14 14 Shear strength Soil strength is the resistance to mass deformation developed from a combination of particle rolling, sliding, and crushing and is reduced by any pore pressure that exists or develops during particle movement. This resistance to deformation is the shear strength of the soil as opposed to the compressive or tensile strength of other engineering materials. The shear strength is measured in terms of two soil parameters: cohesion "c" and angle of internal friction " φ“ The strength parameters are often used as constants, but they are quite dependent on the type of laboratory test, previous stress history, and current state (particle packing, grain shape, and water content).

15 15 As a consequence, obtaining accurate values is not a trivial task, and the values obtained actually apply only to the current soil state. TThe general equation to calculate the shear strength at failure is coulomb equation:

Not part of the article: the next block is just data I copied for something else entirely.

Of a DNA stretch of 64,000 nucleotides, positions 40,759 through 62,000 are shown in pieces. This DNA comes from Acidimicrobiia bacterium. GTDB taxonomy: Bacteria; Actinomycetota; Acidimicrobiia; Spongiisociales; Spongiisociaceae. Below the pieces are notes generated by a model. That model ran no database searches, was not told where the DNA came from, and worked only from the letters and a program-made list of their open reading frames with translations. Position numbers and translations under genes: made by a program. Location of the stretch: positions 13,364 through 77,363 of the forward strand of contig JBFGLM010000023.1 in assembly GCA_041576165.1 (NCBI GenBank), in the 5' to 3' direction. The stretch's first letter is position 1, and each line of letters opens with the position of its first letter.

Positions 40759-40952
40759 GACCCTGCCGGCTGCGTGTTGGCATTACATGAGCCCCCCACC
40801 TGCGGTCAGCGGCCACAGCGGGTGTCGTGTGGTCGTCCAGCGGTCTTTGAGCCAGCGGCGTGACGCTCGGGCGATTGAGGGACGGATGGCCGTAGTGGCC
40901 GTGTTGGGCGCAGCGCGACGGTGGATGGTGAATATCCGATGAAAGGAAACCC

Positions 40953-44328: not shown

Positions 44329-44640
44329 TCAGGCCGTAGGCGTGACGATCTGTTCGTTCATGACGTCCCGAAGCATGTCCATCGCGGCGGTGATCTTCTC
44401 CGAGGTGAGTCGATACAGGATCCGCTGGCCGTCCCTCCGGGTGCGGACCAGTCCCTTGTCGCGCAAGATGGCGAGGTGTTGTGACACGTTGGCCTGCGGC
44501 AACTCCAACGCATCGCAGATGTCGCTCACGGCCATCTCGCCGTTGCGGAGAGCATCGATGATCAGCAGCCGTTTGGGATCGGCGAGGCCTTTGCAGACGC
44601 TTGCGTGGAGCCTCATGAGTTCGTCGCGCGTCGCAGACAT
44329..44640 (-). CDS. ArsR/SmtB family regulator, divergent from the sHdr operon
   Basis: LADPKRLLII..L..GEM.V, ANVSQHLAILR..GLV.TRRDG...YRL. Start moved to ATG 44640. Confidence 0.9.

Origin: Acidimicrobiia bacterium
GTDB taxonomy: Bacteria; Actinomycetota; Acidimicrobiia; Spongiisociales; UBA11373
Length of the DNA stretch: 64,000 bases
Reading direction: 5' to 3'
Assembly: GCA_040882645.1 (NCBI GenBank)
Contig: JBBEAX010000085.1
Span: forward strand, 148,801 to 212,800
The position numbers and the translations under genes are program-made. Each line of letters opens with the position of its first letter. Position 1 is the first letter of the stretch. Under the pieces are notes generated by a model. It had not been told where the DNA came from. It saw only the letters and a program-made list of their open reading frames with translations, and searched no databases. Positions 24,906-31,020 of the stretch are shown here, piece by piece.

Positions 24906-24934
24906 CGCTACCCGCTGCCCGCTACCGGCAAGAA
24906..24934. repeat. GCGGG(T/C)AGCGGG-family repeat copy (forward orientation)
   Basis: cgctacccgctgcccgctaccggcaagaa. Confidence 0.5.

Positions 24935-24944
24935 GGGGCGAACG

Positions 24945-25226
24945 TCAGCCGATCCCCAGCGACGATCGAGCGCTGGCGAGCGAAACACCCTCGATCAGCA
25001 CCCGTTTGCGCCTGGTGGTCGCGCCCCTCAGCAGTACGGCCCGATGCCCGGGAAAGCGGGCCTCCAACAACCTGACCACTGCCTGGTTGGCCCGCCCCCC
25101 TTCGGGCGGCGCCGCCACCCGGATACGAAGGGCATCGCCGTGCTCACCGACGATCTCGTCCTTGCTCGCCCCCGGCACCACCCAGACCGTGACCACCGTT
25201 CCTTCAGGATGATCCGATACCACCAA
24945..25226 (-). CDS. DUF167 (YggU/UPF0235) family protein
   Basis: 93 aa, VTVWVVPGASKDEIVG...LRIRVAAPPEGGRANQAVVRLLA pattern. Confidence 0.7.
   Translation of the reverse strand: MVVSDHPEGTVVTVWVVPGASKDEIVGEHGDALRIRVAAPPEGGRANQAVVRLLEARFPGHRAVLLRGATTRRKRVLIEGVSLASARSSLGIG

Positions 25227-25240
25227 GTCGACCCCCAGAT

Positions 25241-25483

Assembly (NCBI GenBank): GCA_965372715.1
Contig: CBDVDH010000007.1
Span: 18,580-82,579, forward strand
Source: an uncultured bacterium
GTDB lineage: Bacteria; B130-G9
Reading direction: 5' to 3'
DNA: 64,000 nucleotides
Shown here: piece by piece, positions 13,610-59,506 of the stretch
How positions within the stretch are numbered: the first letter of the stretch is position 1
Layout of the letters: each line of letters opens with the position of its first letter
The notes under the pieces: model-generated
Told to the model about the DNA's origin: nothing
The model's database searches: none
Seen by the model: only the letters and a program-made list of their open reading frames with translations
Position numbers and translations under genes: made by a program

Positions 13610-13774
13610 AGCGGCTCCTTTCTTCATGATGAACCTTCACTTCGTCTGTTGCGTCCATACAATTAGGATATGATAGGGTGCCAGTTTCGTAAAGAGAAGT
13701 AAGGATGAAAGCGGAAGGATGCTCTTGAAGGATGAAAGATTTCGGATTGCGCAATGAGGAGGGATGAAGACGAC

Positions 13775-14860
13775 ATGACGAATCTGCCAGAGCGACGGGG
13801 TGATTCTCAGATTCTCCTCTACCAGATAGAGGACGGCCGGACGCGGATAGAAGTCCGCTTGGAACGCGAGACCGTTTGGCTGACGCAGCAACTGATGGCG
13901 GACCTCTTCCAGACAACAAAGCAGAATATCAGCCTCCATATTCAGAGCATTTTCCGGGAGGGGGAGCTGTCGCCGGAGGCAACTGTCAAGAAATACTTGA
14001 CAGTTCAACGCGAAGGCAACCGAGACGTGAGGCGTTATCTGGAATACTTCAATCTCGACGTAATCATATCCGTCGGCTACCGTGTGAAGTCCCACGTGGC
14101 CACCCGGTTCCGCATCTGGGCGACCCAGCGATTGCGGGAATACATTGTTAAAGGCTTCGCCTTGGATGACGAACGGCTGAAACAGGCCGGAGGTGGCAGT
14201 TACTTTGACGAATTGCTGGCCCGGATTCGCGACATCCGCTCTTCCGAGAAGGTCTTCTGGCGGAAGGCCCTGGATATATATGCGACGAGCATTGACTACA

16 16 By determining the values of at plane (ab), if it lies at point A, it means that no shear failure will occur at plane (ab), but if it lies at point B it means that it will fail at plane (ab), Point C can’t be achieved because the soil will be failed before it.

17 17  There are many laboratory tests to obtain these parameters, the famous tests are: Direct shear test:

18 18 Triaxial shear test: By changing several times we can obtain more than Mohr circle, the common tangent for these circles is the shear failure envelope, by which we can find the shear strength parameters